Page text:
Stem skills are associated with 75 per cent of the fastest-growing occupations.
A new Federal Government report has outlined the future of Australia’s workforce and revealed growing demand for STEM skills in diverse industries. The report by CSIRO and the Australian Computer Society titled Tomorrow’s Digitally Enabled Workforce identified six megatrends.
The trends include continued advances in automation and artificial intelligence; jobs will be more flexible and agile due to digital technology; a requirement for entrepreneurial skills; and an increase in skills and education requirements for many professions.
While the report found that 44 per cent of Australian jobs would be impacted by these changes, it identified numerous opportunities for engineers.
“The intent of this report is to look at a 15-20 year timeframe. We can see what the global trends are now. They are deep-seated and they will have impacts in the future and there are a range of trends that provide opportunities,” said Andrew Johnson, CEO of the Australian Computer Society.
“But certainly, engineering is going to be pivotal and central to creating a whole bunch of new technologies that communicate with each other.”
For example, technology associated with the Internet of Things. Johnson said 10 years ago we had six billion devices connected to the Internet of Things, but today there are 15 billion, and there have been forecasts it could reach 200 billion by 2020. The opportunity for engineers will be in how they can create value in this changing workplace.
“Essentially, anything that can be connected will be connected, and that offers magnificent opportunities. It will naturally create a whole bunch of problems when you start to exponentially grow like that, but through technology and through engineers, those sorts of problems will be solved,” Johnson said.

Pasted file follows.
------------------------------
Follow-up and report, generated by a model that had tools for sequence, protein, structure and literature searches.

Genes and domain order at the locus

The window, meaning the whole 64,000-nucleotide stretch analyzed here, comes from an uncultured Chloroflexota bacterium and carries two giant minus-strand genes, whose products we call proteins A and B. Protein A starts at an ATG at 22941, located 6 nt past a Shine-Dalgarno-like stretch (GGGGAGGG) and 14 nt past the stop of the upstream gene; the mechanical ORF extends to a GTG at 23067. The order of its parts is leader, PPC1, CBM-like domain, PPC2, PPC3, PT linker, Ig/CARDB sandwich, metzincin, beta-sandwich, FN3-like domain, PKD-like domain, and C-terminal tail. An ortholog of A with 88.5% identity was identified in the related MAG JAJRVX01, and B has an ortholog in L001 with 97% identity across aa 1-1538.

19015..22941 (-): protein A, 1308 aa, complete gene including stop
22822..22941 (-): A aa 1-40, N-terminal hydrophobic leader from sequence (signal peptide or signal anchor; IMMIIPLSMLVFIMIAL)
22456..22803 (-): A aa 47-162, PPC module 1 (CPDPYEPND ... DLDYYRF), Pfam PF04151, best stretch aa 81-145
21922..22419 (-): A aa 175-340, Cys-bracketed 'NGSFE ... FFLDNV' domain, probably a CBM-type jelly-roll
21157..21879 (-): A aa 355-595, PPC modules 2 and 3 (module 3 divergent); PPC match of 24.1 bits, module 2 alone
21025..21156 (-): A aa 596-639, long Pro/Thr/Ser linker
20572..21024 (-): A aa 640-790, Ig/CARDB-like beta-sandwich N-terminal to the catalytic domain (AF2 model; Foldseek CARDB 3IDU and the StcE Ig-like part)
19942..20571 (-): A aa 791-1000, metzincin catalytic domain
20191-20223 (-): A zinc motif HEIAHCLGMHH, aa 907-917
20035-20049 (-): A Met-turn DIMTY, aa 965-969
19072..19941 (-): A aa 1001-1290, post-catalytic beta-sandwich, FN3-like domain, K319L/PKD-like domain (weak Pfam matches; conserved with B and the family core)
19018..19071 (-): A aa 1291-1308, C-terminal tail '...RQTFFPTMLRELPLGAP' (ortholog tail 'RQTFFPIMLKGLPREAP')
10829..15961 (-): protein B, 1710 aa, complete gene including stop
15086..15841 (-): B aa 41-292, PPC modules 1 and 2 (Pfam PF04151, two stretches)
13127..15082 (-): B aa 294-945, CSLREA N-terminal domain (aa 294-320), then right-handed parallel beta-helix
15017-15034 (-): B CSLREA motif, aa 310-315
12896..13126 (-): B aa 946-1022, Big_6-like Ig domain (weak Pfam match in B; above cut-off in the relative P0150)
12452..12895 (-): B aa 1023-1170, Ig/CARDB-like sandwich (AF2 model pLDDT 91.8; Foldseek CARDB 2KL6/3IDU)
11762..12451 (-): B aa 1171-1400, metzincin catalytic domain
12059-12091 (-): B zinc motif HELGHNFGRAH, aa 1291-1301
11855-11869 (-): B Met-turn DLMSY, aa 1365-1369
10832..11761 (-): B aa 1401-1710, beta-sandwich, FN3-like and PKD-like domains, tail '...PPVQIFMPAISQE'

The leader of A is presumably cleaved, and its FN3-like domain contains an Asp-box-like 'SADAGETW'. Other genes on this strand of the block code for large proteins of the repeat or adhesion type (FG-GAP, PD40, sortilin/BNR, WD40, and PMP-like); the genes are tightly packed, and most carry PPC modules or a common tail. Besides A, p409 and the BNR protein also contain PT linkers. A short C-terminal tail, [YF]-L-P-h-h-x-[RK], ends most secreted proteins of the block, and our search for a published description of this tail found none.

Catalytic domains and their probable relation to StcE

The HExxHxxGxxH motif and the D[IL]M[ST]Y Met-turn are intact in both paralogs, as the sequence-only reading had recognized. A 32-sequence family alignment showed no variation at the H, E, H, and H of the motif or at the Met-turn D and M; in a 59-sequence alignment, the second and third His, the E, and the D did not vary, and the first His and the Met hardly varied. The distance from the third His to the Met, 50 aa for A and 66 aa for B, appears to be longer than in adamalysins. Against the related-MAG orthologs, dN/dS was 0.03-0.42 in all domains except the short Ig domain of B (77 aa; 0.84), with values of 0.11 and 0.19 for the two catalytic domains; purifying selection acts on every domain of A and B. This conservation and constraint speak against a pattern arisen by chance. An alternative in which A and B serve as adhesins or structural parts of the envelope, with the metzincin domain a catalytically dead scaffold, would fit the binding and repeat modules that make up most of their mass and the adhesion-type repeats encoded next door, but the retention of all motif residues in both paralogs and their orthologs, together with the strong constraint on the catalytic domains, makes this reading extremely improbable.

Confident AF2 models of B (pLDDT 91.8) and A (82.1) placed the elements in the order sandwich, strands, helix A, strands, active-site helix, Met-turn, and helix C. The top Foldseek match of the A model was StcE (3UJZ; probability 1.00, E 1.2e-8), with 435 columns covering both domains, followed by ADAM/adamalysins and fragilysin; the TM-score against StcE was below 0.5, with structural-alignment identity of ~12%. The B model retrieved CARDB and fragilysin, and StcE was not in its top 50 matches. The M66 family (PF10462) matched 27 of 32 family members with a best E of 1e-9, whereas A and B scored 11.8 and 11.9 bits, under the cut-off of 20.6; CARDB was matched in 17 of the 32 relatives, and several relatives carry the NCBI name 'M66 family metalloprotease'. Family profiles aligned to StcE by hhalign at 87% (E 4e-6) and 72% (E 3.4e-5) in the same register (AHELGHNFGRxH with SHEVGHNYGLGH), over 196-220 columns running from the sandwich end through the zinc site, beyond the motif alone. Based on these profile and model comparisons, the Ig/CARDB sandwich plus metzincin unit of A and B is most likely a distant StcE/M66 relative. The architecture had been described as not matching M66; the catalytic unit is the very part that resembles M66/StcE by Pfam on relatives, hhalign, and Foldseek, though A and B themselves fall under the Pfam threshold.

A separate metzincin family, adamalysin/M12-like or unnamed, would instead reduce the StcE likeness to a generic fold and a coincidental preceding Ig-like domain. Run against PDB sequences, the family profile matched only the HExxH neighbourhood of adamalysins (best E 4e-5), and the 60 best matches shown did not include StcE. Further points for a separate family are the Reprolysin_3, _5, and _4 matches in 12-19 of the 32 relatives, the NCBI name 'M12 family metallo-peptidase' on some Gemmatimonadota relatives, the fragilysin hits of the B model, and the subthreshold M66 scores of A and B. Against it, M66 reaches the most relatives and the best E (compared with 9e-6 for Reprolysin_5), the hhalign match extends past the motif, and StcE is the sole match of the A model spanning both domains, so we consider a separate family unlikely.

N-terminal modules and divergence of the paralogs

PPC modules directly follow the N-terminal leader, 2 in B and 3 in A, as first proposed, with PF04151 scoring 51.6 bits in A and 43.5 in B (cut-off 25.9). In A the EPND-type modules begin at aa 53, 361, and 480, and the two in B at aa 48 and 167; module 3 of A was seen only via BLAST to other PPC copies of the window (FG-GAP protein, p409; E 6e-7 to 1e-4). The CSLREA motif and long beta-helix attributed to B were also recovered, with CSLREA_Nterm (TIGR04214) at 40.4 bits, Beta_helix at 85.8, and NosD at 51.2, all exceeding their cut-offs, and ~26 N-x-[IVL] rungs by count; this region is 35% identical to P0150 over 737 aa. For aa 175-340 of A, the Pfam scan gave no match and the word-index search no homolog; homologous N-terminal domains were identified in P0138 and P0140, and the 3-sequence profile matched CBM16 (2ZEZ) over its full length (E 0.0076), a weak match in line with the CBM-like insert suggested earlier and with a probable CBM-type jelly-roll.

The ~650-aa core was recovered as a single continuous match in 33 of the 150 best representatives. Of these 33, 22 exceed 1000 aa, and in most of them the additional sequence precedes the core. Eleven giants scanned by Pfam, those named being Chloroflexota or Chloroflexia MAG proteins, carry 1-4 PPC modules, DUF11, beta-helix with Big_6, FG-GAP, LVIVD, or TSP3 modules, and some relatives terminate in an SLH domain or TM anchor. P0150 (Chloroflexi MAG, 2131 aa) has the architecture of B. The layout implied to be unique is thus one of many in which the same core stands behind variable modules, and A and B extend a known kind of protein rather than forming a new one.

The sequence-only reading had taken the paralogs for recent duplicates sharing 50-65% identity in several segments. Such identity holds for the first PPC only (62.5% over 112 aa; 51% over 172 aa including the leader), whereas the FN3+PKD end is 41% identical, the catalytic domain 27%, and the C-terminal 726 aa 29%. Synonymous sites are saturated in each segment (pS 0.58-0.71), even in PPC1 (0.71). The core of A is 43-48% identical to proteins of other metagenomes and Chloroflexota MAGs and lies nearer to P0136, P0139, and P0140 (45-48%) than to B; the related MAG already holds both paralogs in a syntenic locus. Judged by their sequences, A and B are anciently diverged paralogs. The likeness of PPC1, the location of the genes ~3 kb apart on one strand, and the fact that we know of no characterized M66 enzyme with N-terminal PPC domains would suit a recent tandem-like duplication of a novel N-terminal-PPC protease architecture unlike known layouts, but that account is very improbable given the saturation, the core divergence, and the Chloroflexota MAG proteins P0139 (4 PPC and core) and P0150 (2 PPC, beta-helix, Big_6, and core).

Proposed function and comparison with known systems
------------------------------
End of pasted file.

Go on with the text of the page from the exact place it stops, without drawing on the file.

“Engineering is going to be central to creating a whole bunch of new technologies that communicate with each other.”
The report stated there is a rapid transition taking place and many jobs will be affected by automation. However, amidst the changes, new jobs will also be created. For example, the development of autonomous cars pose a plethora of opportunities.
“We’ve all heard about driverless cars, but what do sensors mean inside of a car? How can you control dashboards with hand movements as opposed to touching your dashboard?” he said.
“There are plenty of opportunities and it’s really about how do you create value? A lot of amazing technology is on the horizon.”
Johnson also cited opportunities around drones, such as the recent announcement by the NSW Government for a $250,000 drone to spot sharks.
The report found STEM knowledge is associated with 75 per cent of the fastest-growing occupations, and innovation and upper secondary education is becoming a prerequisite for entering the labour market. This will have flow-on effects to STEM education and career growth in the future.
“[The trends] are going to require high-level technical skills for those sorts of entry level jobs. That traditional notion where you go to university and there’ll be a big firm at the end where you get your first start – that might not be the trend in the future,” Johnson said.
This will help to spur on entrepreneurship in the engineering industry. But the challenge for the industry will be how to understand this new career evolution and how to quickly up-skill and move as technology advances.
Johnson said it is also important for the industry to address changes at the educational level. For example, encouraging more young people to enter the industry.
“With an ageing population – and this is not just in Australia, but across the globe – there are going to be real STEM skills shortages,” Johnson said.
But Johnson said it’s not just about understanding the changes to engineering within the industry, but also looking at the broader economy and how it fits into other industries.